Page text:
If people develop mostly through experiences and assignments, it is imperative that we excel at mastering the moves. Moving a high-potential employee to a bigger challenge, exposing a future general manager to cross-functional roles, or bringing international talent through to a headquarters stint are all examples of masterful moves.
Yet in the unrelenting daily pressures of business, we often fall short of mastery. At times, we fill critical openings with the most available employee. We let average performers linger in high-quality developmental roles. We hope everyone just settles down and endures another year in the same job for the sake of the business. In short, we just manage as best we can.
The difference between manage and mastery can be viewed as playing out two different game strategies on a talent formation board. The manage strategy is operating as a game of checkers; all the pieces look the same, can make the same moves, and essentially are of equal worth to win. At first the checker strategy feels right as pieces move ahead, taking advantage of immediate open places. But in the long run, problems occur as we realize not all pieces do well in all roles.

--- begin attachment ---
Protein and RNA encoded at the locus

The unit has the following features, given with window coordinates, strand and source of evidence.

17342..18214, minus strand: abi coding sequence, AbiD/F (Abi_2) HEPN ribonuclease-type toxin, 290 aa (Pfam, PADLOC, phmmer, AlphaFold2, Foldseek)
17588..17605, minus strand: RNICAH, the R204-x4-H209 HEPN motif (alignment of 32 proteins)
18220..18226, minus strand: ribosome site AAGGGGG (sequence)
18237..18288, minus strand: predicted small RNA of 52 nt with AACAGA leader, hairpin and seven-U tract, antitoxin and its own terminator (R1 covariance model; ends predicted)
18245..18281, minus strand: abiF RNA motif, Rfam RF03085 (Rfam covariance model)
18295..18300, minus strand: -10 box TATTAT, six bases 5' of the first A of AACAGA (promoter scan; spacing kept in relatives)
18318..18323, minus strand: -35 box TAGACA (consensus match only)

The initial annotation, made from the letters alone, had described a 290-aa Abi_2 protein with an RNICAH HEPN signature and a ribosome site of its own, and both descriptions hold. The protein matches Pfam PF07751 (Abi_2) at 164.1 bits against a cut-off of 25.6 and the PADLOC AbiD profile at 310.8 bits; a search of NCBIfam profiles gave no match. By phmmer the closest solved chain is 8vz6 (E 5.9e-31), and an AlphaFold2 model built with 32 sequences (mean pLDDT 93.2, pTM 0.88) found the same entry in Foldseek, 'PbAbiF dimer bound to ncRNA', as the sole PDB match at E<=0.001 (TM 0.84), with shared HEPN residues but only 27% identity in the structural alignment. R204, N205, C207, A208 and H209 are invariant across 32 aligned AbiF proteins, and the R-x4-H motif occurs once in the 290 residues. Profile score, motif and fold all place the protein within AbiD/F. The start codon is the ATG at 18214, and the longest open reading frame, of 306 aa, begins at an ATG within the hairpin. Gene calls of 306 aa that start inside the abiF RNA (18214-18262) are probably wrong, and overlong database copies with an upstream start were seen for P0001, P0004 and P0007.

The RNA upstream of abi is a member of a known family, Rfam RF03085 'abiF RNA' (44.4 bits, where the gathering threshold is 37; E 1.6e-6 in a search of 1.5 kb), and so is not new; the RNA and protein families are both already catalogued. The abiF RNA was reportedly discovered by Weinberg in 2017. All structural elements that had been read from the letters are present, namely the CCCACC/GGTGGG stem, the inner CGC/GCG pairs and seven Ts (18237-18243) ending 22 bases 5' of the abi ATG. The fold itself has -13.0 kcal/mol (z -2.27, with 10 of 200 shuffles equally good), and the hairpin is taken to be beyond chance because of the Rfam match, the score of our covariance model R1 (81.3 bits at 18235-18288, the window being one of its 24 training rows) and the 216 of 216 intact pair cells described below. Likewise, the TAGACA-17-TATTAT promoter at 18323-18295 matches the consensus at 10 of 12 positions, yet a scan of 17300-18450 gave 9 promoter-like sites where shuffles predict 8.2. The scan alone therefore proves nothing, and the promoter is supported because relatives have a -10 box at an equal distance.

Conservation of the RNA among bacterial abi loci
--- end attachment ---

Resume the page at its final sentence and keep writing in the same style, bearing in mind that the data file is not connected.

Mastery, by contrast, is seeing the talent formation board as a chess master. Each piece has unique properties with different potential and move capabilities. Each opening is seen as part of an unfolding strategy pattern of move options with equal consideration of today and tomorrow.
So how do we move from talent development manage to mastery? The i4cp research on talent mobility released last week poses many of the critical questions we face and highlights how high-performance organizations answer these questions in clearly different ways than average organizations. In short, Talent Mobility Matters (i4cp members only) separates the checkers players who only manage through their talent mobility challenges and the chess masters who excel at producing ready-now talent for today and the future.
As you read through these findings, I encourage you to note the two or three key practices that will elevate your game, and then engage your leaders in understanding the importance of playing the talent formation board as masters. Agree to take the risk to make a few moves differently in the future. Doing so will increase your odds of winning the talent mobility challenge.
This blog is an excerpt from the i4cp report Talent Mobility Matters. Kevin Wilde is a strategic advisor for i4cp and former head of talent and organization capabilities at General Mills.